Is There A Desert In Europe?

It’s common knowledge that Europe is the only continent without a desert. However, this is not strictly correct; in fact, some arid places around Europe are qualified under the geographical definition of “desert.” The badlands of Southeastern Spain, for example, belong to the category, specifically, the Desierto De Tabernas, also known as “mainland Europe’s only desert.”

Almeria City is well known for its Moorish architecture and world-class sunny beaches. Who would’ve thought that 20 miles from this paradise lays a different kind of breathtaking landscape: the Tabernas Desert? This unique spot, north of the town, has a hot basin located between two low sierras, and was formed by rain shadows that came from the wet winds of the Mediterranean, dropping all the moisture in the hills.

Tabernas reaches a temperature of 118 F° during summer, same as many places you’ll go in Europe. It also receives less than 3 inches of rainfall during the dry season, and is home to lizards, cacti and snakes – just like any other desert.

Believe it or not, Tabernas also became a popular shooting location for some of Hollywood’s movie crews due to its rugged scenery. Specifically, films called spaghetti westerns displayed the different landscapes of Tabernas, making it more popular in the world.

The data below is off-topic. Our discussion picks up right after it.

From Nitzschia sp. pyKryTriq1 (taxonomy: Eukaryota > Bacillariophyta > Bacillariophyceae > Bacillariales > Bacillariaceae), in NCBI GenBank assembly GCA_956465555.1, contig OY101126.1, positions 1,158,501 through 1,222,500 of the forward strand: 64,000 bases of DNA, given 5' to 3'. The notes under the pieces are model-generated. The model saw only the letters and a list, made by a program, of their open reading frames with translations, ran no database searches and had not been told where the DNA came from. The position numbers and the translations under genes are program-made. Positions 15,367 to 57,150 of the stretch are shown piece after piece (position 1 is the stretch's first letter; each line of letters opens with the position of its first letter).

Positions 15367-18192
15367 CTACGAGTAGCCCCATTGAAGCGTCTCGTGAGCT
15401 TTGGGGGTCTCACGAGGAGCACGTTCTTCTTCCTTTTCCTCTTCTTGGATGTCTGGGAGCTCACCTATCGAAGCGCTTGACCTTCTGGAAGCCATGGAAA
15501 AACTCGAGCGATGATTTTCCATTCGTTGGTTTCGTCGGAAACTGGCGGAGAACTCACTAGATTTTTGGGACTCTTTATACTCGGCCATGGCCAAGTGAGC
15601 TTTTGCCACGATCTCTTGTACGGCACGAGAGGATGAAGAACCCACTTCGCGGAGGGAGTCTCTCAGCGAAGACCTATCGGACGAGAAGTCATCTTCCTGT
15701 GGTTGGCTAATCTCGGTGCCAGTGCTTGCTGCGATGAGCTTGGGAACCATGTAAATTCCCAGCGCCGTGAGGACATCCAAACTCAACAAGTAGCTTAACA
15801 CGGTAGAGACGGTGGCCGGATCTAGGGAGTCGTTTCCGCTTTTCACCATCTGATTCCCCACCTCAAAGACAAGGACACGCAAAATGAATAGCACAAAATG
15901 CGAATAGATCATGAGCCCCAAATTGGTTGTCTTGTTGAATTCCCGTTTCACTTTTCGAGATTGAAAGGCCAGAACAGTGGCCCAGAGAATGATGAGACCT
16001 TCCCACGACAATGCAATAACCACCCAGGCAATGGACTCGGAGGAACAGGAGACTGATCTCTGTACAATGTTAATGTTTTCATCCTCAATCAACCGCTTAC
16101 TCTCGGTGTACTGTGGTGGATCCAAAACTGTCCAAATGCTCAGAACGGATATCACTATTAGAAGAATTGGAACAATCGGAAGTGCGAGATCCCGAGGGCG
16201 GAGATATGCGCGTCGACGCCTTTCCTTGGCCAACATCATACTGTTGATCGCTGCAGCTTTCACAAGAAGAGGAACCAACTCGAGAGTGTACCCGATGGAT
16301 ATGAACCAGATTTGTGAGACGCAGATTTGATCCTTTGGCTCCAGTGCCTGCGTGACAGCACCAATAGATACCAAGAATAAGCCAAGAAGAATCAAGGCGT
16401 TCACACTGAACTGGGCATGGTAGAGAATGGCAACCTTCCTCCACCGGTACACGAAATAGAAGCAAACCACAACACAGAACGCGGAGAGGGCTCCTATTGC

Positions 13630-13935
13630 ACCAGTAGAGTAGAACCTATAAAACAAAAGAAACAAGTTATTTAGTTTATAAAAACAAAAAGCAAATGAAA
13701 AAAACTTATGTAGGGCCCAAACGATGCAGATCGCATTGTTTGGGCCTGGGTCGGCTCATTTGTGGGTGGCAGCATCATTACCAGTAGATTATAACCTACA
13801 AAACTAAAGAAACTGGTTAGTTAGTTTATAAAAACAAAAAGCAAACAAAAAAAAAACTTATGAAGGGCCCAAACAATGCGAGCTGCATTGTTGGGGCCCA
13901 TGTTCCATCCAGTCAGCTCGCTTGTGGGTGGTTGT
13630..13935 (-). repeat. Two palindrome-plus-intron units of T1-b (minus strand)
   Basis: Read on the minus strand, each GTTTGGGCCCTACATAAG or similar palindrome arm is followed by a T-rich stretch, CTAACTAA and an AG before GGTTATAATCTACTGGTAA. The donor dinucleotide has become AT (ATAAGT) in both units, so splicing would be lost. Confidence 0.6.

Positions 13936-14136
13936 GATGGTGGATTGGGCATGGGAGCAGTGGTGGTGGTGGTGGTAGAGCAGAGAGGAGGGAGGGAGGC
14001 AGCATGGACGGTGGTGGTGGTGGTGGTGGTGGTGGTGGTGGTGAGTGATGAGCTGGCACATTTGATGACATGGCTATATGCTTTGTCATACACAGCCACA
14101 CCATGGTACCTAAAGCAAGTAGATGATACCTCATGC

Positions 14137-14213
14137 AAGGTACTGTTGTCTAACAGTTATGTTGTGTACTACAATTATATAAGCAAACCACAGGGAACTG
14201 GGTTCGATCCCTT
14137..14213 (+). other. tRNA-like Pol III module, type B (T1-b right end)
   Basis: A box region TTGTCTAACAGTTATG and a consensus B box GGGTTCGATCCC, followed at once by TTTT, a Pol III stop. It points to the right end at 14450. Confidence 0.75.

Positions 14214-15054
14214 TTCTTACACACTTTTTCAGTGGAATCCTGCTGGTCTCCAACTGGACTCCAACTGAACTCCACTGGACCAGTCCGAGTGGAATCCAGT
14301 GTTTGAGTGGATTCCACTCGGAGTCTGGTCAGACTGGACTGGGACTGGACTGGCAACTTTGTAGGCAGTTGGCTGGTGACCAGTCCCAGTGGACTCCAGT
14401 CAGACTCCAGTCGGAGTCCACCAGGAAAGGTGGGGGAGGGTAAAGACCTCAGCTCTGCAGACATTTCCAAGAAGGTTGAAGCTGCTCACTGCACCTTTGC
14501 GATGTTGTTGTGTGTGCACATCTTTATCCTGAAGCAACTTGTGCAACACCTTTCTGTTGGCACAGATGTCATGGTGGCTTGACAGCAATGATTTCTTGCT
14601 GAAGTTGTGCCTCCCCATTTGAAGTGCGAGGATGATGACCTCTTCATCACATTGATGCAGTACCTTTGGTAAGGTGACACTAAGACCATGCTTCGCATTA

Aside from the Tabernas of Spain, lands along Almeria, like Greece, Romania, and Iceland, possess their own semi-desserts. Due to the climate of the country, the Santorini and Anafi islands are classified as hot deserts according to the Koppen system. The plain found in Romania, which the locals call the Oltenian Sahara, is also technically a desert, largely due to deforestation, in which the trees were chopped down under Communism. The inside of Iceland, however, definitely ranks up there as the most interesting pseudo-desert found in the world. The land is rich in precipitation, but not a thing grows there because the porous lava rock absorbs the water as soon as it falls to the ground.